Editor's note: This article is part two of a two-part series reviewing Google's recently announced communication...
apps, Allo and Duo. The first article examined Google's messaging strategy and how the company has unbundled its communication services. This second article explores how the Google Hangouts app now has more of a focus on the enterprise market.
The keynote speech at Google I/O, the company's annual developer conference, made no mention of Google Hangouts, which is up and running and getting Google's care and attention with developers working on improving it. With that said, Google I/O 2016 was all about the consumer, and Google Hangouts is now an enterprise play.
After struggling to gain traction for the Google Hangouts app in both the consumer and enterprise markets -- and not overly succeeding in either -- Google is weighing a new strategy. Google has decided to "unbundle" consumers from Hangouts and shift them to Allo and Duo, the communication apps that were announced at I/O. This approach leaves Hangouts focusing on enterprises only, making product decisions easier to make and execution faster for the Google Hangouts team.
Allo and Duo don't mark the death of Hangouts. They actually breathe new life into it by freeing it to compete and position itself better in enterprise communications.
For its part, the Google Messenger app on Android, an SMS application, could eventually be tied with Google's acquisition of Jibe Mobile. But other than that, Google unveiled very little about its plans for Messenger at I/O.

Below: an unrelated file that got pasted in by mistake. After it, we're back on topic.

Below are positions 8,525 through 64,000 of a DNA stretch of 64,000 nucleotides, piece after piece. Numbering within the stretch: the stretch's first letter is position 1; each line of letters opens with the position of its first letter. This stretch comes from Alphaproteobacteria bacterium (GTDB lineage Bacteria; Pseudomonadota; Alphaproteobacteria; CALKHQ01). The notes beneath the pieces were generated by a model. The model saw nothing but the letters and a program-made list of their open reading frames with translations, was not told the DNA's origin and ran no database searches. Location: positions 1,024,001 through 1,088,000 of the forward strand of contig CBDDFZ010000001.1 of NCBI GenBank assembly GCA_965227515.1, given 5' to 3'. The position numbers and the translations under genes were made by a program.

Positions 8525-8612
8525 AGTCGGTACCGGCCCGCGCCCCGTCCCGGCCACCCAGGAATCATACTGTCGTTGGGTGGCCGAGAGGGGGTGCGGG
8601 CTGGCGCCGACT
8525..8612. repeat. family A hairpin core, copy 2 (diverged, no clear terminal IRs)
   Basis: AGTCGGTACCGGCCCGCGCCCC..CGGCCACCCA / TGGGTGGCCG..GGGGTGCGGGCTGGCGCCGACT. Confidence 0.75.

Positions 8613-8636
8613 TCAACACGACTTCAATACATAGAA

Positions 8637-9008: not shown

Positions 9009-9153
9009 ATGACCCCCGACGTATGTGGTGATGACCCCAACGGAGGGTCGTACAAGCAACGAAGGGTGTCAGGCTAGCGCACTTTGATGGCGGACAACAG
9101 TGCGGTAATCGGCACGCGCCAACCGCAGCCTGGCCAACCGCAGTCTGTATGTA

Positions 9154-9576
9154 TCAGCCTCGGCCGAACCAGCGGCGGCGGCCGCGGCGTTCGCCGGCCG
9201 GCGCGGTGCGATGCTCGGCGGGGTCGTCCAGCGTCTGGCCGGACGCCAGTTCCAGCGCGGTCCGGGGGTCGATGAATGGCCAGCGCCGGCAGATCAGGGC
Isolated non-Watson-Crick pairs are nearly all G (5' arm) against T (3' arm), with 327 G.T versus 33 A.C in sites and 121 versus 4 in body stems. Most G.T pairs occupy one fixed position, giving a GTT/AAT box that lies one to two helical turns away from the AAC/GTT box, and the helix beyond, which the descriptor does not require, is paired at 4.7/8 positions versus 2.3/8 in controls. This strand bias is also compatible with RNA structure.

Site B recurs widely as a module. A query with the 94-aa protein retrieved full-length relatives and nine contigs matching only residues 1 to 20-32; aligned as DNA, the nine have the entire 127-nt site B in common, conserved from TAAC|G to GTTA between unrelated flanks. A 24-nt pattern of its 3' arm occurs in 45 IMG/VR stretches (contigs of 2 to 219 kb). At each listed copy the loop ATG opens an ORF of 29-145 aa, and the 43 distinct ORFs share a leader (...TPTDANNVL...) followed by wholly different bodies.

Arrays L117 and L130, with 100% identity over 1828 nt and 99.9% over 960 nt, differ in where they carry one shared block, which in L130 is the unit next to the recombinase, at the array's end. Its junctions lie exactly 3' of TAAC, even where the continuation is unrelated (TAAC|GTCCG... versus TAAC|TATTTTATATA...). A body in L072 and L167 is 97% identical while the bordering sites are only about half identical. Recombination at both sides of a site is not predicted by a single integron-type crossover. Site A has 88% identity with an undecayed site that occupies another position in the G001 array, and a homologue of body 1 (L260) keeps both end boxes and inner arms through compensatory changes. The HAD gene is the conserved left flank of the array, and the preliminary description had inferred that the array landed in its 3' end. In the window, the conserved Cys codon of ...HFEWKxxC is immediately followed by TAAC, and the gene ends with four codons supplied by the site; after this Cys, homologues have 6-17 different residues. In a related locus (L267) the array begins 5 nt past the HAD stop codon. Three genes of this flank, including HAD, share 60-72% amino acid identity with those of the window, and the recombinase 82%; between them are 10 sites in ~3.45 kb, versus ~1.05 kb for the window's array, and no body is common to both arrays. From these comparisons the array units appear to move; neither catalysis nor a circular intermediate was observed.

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So, why is Google making this move now? Why is the company changing its strategy from an all-encompassing Google Hangouts app -- covering voice, video, presence and messaging across consumer and enterprise domains -- to multiple apps targeting different audiences with smaller, more-focused feature sets?
The answers may lie in the trend of migrating toward simpler applications that do one thing great and nothing else. Google may now understand that it cannot compete with a single app on multiple fronts.
The Google Hangouts app tried to compete in the enterprise space against Skype for Business, Cisco UC services, Polycom and a growing number of cloud video services. In the consumer space, Google has faced off with Apple iMessage, FaceTime, Facebook Messenger, WhatsApp, WeChat and a few other large consumer messaging apps.
Google first tried bundling everything under the Google+ initiative, which backfired and wasn't widely accepted by consumers. So, now Google is trying the opposite approach: unbundling communications into smaller components, each with its own focus.
Will Google attract hundreds of millions of active users for Allo and Duo? Will a renewed focus on Hangouts in the enterprise market make it a better competitor in unified communications? These topics will need to be revisited a year from now.
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